Hannken, Catherine

Hannken, Catherine

In Brief

Born and raised in Auckland, Catherine Hannken writes children's books. She attended the University of Auckland and since 1990 has worked as a primary school teacher. Hannken’s first book Selafina was selected as a Notable Book in the Children’s Literature Foundation of New Zealand Awards and was also short-listed in the Picture Book Category of the 2004 New Zealand Post Children’s Book Awards.

ABOUT THE AUTHOR

Hannken, Catherine (1961- ) writes children's books.

Catherine Hannken was born and raised in Auckland. She attended the University of Auckland and Auckland College of Education. Since 1990 Hannken has worked as a primary school teacher.

Hannken published her first book Selafina in 2003. The book was selected as a Notable Book 2003 by the Children’s Literature Foundation of New Zealand Awards. The book was also short-listed for the New Zealand Post Children’s Book Award 2004, Picture Book Category.

The Weekend Herald’s Canvas magazine calls the book 'a simple story, yet surprisingly intense and moving.' Fliss Newton writes in the Wanganui Newspaper that the story is ‘a very uncomplicated, ordinary story which beautifully illustrates Samoan Life.’

Fiapule (Mallinson Rendel, 2007) is a story of New Zealand-Samoan culture. The book tells a tale of the moral dilemma of family versus friends from a young boy's point of view.

Hannken's latest work, Talia, was published by Mallinson Rendel in 2009.

Catherine Hannken lives in Auckland. She participates in the Book Council Writers in Schools Programme.

WRITERS IN SCHOOLS INFORMATION

Catherine Hannken’s preferred age groups are primary and intermediate. She is happy to visit schools in Auckland (including West Auckland). She is prepared to discuss stories, writing, life and work.

KAPAI: Kids' Authors' Pictures and Information

General Questions
Where do you live?
On a farm in Waitakere township, West Auckland

What books do you read?
Lots and lots, mostly fiction

Who is your favourite author?
I can’t choose just one, I like so many e.g. William Saroyan, Anthony Browne, Roald Dahl, Sue Grafton and JRR Tolkien.

How do you think up your ideas?
I get ideas from people I know or things I’ve done and then dream up a story about it.

What is the best thing about being an author?
Reading my story to other people. Mostly I like making up stories.

Some Questions for Primary School Students
Do you have pets?
dog - Blaze, 2 cats - Scooby Doo & Streudels, 4 fish – Inky, Pinky, Ponky & Po, 1 rooster – Lord Flashheart, 4 chickens – Madam Peke, Fanny Adams, Jiggerboo, Flipitijibit.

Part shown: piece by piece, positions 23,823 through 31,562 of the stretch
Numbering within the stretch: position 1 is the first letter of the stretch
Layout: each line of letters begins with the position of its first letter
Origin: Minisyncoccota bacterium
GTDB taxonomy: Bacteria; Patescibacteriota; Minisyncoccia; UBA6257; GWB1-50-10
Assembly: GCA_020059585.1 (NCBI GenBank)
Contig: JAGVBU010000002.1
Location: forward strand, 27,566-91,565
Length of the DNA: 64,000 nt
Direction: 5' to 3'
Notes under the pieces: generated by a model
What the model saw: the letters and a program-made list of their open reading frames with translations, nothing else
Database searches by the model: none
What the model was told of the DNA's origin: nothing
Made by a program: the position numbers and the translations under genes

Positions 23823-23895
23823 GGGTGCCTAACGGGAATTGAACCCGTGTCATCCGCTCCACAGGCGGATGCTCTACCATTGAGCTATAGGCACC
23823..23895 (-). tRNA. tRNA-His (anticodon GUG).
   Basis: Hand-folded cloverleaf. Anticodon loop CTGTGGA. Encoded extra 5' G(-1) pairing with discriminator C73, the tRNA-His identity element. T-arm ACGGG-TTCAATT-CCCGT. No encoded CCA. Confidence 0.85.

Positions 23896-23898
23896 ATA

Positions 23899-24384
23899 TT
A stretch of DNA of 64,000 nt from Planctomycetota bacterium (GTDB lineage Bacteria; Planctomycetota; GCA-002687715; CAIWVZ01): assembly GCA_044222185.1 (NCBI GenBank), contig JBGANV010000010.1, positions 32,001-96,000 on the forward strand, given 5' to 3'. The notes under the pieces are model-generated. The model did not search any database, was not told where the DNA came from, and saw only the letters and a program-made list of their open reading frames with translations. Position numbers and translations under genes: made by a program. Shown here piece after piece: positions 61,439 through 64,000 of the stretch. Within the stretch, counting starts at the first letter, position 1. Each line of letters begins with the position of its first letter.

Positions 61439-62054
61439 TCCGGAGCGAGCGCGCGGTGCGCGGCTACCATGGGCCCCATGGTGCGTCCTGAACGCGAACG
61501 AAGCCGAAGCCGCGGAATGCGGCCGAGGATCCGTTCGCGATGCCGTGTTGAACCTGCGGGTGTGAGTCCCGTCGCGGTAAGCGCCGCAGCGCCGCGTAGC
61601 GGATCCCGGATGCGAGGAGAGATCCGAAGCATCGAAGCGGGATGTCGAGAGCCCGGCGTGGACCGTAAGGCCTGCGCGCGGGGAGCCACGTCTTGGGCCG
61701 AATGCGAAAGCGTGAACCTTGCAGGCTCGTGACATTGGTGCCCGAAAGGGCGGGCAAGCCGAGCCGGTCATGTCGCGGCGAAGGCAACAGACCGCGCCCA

Do you have a favourite colour?

Bright colours

Do you have a favourite food?
Grapes

Do you have a favourite movie?
The Rocky Horror Picture Show

Do you have a favourite game?
Cards

What is the most fun thing about being an author?
Making up stories. It’s not real so I can make up anything I like.

How do you make books?
That’s the publisher’s job. They know all about making books. I send my stories to them and they make it into a book.

Where do you like to go on holiday?
I like going to lots of different places. I like going to the beach. My best holiday was in Samoa. The water was warm to swim in and there are so many coloured fish. They even have bright blue starfish!

What was naughtiest thing you ever did at school?
I was never really naughty. Once when I was 6, the clock in the class had stopped so the teacher asked me to check the clock down the hall and tell her what the time was. I was too embarrassed to say I couldn’t tell the time, so I made up a time. I think she guessed it was a lie but she never said anything about it.

Some Questions from Secondary School Students

How did you get started?
I got an old notebook and started to write a story. I wrote my first stories for friends and gave them to them.

Who inspired you when you were getting started?
Tim Tipene – another of my favourite authors.

What advice would you give an aspiring young writer?
Write whatever you want to write. Everyone writes differently so find out for yourself what suits you best.

Is it difficult to make a living writing in New Zealand?
Yes

What were you like as a teenager?
I didn’t like being told what to do. I was very independent and did a lot of things for myself.

Is there anything else you would like to tell us about your life?

When I was 4 I was bored one day I started playing with a big black spider. I kept stopping it from running away. Suddenly it jumped on my hand and bit me. It gave me a real fright (and it hurt). After that I was scared of spiders but didn’t want to tell my brothers or they would call me a sissy. When I was 9, there was a big black spider on my bed. I was really scared. I called my brothers and pretended I was really excited, saying ‘Hey come and look at this!’ I knew they would catch it and take it away, which is exactly what they did! I’m happy to say that I'm not scared of spiders anymore but I never annoy them!

MEDIA LINKS AND CLIPS

  • Catherine Hannken on the Mallinson Rendel Publishers site
  • Catherine Hannken Interview - Christchurch City Libraries NZ Childrens Author Interviews
  • Catherine Hannken’s profile on the Storylines site

Updated January 2017.